Sharing the Spotlight

Not to brag, but one of my other talents is singing. I don’t know how this happens, but whenever I join a vocal group I’m not content just being a part of the chorus. Ask Ralph. I want solos. And I get them. My father even has a name for it: Singing Hog.

I share this information with you, not only to provide you with a chuckle, but to connect one of my talents to another. I, like many if not most of you, am a soloist writer as well. My characters are mine. My stories are mine. Don’t butt the hell into my world, jerks. I took a screenwriting class last semester (a post about that will follow this one in a few days) and the professor had us write together (which I know often happens when writing for tv). IT DROVE ME CRAZY, EVEN WHEN I WROTE WITH FRIENDS AND THE SCRIPT CAME OUT GOOD I STILL WANTED TO BE DOING IT ALL BY MYSELF I HATE GROUP PROJECTS LEAVE ME ALONE I DO IT BETTER THAN YOU!!!!!!!!

Excuse me.

I’ve only rarely seen works of fiction by two authors, unless it’s an anthology, and that doesn’t even count because all the stories within the anthology are written by one person. Most people, I feel from gathering information from my limited experience, tend to avoid it. Like any writing venture, it’s completely hit or miss when you write with someone else.

Hit: Sorcery and Cecelia.

Miss: Dormia.

It hasn’t ever really been my thing, either way.

So why then, you ask, am I voluntarily sharing my writer’s spotlight with my dear friend Holly?

Well, first because  I love her.

She and I met in London and became close when we were among the few of our group to walk the twenty minutes to go to church together. She lived down the hall and after many a midnight  three hour chat in the bathroom, we realized that we actually had quite a bit in common. The main factor being that SHE IS A WRITER! And she was the only friend willing to take a day and go to Jane Austen’s House with me and then I went with her to the Peak District where we visited Chatsworth House (the latest location used as Mr. Darcy‘s Pemberley, also featured in The Duchess) and Haddon Hall (the Boleyn Family home for the movie The Other Boleyn Girl). Also we she indulges me when I want to do silly things like this:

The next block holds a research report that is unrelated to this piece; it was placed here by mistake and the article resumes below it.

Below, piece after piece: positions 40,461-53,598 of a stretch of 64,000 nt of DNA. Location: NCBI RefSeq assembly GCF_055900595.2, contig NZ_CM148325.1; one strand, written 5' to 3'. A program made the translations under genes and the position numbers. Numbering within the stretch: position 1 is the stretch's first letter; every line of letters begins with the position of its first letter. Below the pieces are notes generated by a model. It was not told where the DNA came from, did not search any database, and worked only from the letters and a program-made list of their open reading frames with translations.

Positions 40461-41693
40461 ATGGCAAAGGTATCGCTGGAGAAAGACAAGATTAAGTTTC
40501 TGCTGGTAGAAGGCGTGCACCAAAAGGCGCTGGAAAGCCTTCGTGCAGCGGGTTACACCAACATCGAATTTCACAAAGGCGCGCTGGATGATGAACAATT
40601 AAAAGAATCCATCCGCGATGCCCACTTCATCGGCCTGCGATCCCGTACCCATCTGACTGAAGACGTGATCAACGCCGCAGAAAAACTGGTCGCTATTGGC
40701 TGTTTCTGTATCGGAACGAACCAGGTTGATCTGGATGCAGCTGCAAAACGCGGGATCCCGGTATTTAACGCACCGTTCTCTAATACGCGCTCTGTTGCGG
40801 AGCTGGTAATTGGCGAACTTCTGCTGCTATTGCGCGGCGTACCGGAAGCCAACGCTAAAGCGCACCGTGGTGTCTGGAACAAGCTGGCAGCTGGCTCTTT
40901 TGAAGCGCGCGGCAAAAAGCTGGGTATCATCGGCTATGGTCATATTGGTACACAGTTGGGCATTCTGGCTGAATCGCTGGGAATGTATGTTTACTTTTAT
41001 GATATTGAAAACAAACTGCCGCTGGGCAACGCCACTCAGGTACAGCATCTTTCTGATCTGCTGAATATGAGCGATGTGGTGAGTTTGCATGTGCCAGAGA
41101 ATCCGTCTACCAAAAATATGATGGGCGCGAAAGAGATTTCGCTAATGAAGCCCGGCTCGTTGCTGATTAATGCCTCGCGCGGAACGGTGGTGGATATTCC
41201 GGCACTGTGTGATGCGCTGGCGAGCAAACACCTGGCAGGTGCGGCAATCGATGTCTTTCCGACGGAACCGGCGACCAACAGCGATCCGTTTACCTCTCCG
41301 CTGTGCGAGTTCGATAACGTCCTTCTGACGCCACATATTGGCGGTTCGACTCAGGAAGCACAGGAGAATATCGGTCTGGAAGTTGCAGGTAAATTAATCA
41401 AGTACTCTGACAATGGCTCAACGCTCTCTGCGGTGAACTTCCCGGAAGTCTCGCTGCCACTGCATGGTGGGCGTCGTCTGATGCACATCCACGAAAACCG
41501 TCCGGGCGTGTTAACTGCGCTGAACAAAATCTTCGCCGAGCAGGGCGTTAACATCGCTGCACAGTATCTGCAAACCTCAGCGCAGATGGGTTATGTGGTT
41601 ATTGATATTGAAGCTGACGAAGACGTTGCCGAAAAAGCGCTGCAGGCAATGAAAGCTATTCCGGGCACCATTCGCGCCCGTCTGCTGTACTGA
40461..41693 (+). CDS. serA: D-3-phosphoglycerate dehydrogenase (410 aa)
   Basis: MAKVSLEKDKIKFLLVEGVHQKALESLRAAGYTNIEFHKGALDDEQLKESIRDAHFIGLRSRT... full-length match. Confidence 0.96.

and this:


So, whilst we were gallivanting through the UK on literary/historical quests, we had a brilliant talk for literal hours at this lovely little pub:

We were quite tired but it was the day before Halloween and we didn’t feel like going to bed, but we didn’t feel like drinking either. Yet, we did mange to stay until the joint closed … talking about our stories.

Now I’ve spoken of my privacy issues before. I don’t like telling people what my stories are about, often because they are about too much and inquisitive friends would have to read said stories to really understand. “What’s your story about?” Like what kind of question is that?  Well, do you have seven hours to spare? I can tell you about it if you have that much time. Jeeze people. Don’t ask about my unfinished secrets. I don’t even tell Ralph my story plans, just let him read the half-finished projects.

With Hol, none of my usual resignations assailed me. I wanted her to know my plot. She listened for the seven hours (more like forty five minutes, but give me leeway for over exaggeration, it’s part of my Italian blood). I even told her my most heavily guarded secret … the ending to Laura’s Letters!!!!

After she basically made my entire life seem worthwhile by telling me she loved the ending and the whole idea for my novel, she launched into details about her current novel-in-progress. She normally writes screenplays (and is the reason I became interested in that genre) but had a novel in the works and wanted my feedback. So I listened to her for seven hours and to both our delight, we realized that we had similar elements to our stories. Different plots, setting and characters of course, but key elements matched up, which means that we have similar thought processes.